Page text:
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Cancer Epidemiol Biomarkers Prev. 2006 Jun;15(6):1153-8.

Effects of raloxifene on circulating prolactin and estradiol levels in premenopausal women at high risk for developing breast cancer.

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  • 1Division of Cancer Prevention, National Cancer Institute, Bethesda, MD 20892-4254, USA.



Prolactin is a peptide hormone necessary for normal breast development that may contribute to breast tumorigenesis. Estrogen is a significant positive regulator of prolactin synthesis; therefore, raloxifene, a selective estrogen receptor modulator under study as a breast cancer prevention agent, may modulate both estradiol and prolactin levels by inhibiting estradiol from binding to its receptor.


Premenopausal women at increased risk for invasive breast cancer participated in a pilot chemoprevention trial and were given 60 mg raloxifene daily for 24 months. Fasting serum samples collected at baseline and after 12 months on drug were used to measure circulating prolactin, estradiol, and sex hormone binding globulin (SHBG) levels.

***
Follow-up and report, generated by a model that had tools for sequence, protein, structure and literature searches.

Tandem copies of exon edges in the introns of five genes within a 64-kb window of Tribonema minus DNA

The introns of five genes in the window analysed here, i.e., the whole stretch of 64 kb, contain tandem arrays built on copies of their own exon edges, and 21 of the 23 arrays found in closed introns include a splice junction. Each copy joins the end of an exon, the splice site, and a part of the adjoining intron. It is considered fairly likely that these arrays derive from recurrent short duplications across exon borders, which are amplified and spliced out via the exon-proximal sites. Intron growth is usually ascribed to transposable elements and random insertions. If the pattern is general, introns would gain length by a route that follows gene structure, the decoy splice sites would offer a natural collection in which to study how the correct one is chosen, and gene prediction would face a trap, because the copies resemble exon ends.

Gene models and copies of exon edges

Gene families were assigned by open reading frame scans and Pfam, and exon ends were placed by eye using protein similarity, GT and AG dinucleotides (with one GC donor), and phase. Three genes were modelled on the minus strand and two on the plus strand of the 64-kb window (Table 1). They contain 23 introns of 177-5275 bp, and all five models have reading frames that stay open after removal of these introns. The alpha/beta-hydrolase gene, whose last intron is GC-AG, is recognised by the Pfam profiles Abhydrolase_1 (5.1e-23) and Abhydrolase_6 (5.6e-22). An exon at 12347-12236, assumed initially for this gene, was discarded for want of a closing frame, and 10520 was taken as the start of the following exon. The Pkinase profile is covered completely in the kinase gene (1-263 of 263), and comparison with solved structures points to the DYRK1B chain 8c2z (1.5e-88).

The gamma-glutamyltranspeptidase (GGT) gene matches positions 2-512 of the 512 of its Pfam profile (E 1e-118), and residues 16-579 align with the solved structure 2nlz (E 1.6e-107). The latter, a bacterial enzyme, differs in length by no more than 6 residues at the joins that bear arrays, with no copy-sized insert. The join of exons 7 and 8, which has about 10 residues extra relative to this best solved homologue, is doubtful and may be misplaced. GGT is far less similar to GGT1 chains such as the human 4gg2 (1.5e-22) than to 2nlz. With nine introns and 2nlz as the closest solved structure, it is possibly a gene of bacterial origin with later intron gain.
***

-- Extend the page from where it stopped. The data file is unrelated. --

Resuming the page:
Of the 27 subjects who completed 12 months of raloxifene, 23 had paired prolactin samples, and 20 had paired estradiol and SHBG samples. Prolactin levels did not significantly change with raloxifene treatment, but SHBG levels increased (mean change = 7.3 nmol/L; P = 0.0001; 95% confidence interval, 3.9-10.7). Estradiol (mean change = 42 pg/mL; P = 0.048; 95% confidence interval, 1-84 pg/mL) levels were elevated when comparing 15 of the 20 women with paired estradiol measurements who also had both of these samples taken during the early follicular phase of the menstrual cycle.


This report is the first to examine the long-term effects of raloxifene on prolactin, estradiol, and SHBG levels in premenopausal women who are also at increased risk for developing invasive breast cancer. Raloxifene had no significant effect on prolactin levels but did increase estradiol and SHBG measurements.

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